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Australian Indigenous Astronomy

Arcturus: Food and Seasonal Change

27 May 2013, 01:53 UTC
Arcturus: Food and Seasonal Change
(200 words excerpt, click title or image to see full post)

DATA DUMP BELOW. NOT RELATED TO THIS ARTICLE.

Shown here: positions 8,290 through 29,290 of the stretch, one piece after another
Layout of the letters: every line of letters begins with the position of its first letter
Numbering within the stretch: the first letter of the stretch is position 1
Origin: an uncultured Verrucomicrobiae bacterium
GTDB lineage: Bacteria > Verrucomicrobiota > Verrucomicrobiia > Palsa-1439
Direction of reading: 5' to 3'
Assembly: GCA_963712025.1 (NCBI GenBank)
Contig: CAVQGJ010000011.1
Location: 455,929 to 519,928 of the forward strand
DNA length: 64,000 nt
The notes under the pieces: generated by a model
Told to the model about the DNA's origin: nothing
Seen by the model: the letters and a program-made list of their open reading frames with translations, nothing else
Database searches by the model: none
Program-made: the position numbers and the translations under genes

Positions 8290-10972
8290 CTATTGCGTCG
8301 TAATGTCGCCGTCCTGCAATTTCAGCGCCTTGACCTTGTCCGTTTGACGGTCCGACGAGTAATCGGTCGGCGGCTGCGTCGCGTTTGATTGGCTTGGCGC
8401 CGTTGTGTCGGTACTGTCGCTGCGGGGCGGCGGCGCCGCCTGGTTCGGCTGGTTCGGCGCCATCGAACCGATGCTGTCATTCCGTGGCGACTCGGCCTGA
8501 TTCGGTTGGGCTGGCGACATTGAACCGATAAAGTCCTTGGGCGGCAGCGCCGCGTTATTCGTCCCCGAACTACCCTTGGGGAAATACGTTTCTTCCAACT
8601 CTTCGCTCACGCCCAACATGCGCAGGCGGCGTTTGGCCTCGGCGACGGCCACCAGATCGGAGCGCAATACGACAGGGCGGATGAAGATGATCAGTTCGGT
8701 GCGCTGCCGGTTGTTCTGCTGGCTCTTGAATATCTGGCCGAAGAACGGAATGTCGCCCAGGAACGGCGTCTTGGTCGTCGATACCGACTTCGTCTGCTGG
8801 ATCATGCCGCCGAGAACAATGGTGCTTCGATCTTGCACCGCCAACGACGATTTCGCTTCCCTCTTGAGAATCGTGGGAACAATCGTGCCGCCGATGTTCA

by Dr Duane HamacherAboriginal people have been using the stars as indicators of seasonal change for thousands of years. In the following series of blog posts, I will show you how this was done in some depth. Today, we begin with the brightest star in the constellation Bootis, a red giant called Arcturus.Yolngu - Arnhem LandOur first example comes from the Yolngu people of Arnhem Land. When the star Arcturus appears in the dawn sky (just before sunrise), the Yolngu people begin harvesting the corms of the spike-rush. The spike-rush (Eleocharis dulcis), also called the rakia, water chestnut, or gulach (Figure 1), is a grass-like sedge with an edible tuber, which can grow to a height of over 1.5 m and is found across northern Australia. The plant had numerous uses for Aboriginal people, which included making baskets or fish-traps from the grass-reeds or eating the carbohydrate-rich tubers. The growth rate of the spike-rush is dependent on the level of rainfall, with the tubers growing when the water saturates the top several centimeters of soil. Because Arnhem Land has a monsoonal climate with wet and dry seasons, the tubers are generally harvested during the wet season when the rains have ...

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